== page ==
Pen & Sword's Vickers VC.10 and Super VC.10
|Pen & Sword|
|$28.95 from Casemate|
|Notes:||84 pages, softcover, 11.5 x 8.5 inches, 200 illustrations. ISBN: 978-1-52676006-1|
The Vickers VC10 was the last totally British designed airliner. The Concorde was a joink UK/French aircraft, though some who designed the VC10 were also involved in that aircraft. The VC10 was built to handle specific requirements of B.O.A.C. (later British Airways). This involved being able to operate from fairly short runways as well as to have good performance in hot and high environments. The author emphatically states that the VC10 was not meant to be a rival to the Boeing 707, but it did operate on several of the same routes.
The VC10 was also on the radar of the RAF, who were looking for a jet transport for long range hauling ofIn materiel and troops. So successful was the aircraft in this regard that when civilian VC10s became available, the RAF snagged them and modified them for military service. Later in life, the type was modified to be used as a tanker as the number of Victor tankers was finite and dwindling as the airframes reached the end of their life.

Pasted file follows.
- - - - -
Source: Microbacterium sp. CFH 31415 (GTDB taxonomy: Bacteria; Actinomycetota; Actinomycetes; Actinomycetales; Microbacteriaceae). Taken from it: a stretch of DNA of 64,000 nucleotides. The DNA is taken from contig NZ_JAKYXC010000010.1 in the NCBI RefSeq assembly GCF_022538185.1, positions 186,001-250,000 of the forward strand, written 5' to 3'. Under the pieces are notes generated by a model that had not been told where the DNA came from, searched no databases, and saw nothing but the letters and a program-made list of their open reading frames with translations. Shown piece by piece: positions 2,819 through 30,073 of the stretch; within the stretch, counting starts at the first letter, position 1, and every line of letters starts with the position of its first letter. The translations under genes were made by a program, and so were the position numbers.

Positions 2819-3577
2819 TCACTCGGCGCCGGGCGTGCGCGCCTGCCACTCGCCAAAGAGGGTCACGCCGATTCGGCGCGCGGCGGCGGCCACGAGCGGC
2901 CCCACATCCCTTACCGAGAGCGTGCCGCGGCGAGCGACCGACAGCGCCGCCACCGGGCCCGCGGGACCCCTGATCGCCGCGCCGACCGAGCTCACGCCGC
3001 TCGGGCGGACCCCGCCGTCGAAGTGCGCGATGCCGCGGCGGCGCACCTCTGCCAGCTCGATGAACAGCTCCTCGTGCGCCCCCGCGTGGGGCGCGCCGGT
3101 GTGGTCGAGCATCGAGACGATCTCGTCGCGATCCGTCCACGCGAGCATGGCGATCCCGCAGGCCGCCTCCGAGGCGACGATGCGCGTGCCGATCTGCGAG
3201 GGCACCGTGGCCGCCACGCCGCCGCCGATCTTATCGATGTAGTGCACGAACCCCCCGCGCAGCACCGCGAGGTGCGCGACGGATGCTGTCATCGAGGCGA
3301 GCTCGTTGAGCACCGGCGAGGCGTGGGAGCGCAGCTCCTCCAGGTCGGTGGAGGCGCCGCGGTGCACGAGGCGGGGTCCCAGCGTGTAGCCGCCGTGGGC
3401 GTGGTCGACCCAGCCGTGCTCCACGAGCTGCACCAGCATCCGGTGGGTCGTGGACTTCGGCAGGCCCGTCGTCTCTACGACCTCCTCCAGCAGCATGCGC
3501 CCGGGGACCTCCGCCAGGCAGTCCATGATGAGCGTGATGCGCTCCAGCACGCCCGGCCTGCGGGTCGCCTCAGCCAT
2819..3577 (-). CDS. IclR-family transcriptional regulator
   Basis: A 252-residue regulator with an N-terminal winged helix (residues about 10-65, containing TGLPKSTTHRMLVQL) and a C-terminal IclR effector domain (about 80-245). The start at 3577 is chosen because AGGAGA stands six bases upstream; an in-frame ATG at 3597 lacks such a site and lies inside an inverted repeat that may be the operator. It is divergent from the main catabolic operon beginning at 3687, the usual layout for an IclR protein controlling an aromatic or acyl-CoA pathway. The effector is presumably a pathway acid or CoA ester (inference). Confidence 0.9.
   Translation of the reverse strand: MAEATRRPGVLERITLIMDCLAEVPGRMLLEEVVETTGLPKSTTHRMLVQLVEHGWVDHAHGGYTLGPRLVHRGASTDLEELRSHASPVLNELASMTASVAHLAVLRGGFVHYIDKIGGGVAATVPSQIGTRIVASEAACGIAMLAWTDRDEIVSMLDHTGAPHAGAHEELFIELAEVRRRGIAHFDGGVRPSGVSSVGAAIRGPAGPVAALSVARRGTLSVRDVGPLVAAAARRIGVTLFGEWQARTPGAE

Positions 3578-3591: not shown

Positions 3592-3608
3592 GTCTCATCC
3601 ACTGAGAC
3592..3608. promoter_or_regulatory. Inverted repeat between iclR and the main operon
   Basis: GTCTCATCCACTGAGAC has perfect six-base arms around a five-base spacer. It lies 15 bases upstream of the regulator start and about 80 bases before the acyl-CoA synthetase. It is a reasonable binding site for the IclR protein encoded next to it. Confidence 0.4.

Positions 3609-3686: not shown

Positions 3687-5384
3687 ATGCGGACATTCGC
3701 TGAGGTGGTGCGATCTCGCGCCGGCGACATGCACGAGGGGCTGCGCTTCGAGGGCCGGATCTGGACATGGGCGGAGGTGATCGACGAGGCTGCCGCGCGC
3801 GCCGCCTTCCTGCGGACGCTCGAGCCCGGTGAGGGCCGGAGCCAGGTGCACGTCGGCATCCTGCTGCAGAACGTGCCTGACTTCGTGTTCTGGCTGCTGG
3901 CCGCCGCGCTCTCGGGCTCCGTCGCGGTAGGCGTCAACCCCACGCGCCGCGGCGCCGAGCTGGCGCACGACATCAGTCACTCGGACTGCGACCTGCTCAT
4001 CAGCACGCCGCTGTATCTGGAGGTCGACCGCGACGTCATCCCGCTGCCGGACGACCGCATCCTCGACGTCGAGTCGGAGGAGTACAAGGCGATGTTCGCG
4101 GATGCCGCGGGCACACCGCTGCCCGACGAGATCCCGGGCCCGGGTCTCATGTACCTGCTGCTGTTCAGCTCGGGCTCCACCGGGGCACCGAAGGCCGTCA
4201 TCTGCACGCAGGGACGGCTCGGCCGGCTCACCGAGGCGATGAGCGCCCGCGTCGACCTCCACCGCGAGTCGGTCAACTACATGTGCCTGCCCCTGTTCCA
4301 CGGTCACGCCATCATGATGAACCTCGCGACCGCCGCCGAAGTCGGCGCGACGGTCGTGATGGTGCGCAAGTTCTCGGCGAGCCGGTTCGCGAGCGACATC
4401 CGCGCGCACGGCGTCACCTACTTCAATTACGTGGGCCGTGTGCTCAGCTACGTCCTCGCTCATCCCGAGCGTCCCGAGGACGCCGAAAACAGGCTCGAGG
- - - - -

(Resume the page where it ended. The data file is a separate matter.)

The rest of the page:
This book is written by a real enthusiast of the type and that becomes very clear as one starts reading. His coverage of the background and development of the aircraft shows that he's done his research. All of the various systems are included as well as upgrades such as the stretch and new engines needed for the Super VC10. In addition to operations with B.O.A.C., the aircraft was operated by a number of African and Middle Eastern airlines. Some of these were new builds and others second hand. With only 54 airframes being constructed, one couldn't really call it a rousing success, but those who flew and flew in it liked it very much. I imagine the expense of the aircraft was what kept it from being more widely used as well as the predominance of the Boeing 707 and Douglas DC-8
In addition to civil operations, its use in the RAF is also well documented. The book is full of superlative photos, many of them in full color and we also are provided with several pages of color profiles. The book also has a modeler's section that has a look at die cast and plastic kits that have been done and are available for the VC10. I am reminded of the Car Craft book recently reviewed that used a die cast model on the cover. Thankfully, that wasn't done in this case.
In all, it is a great read. The prose flows well and the images are well chosen. I liked it and know that you will as well.
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Review book courtesy of Casemate Publishing, where you can order your copy at this link.
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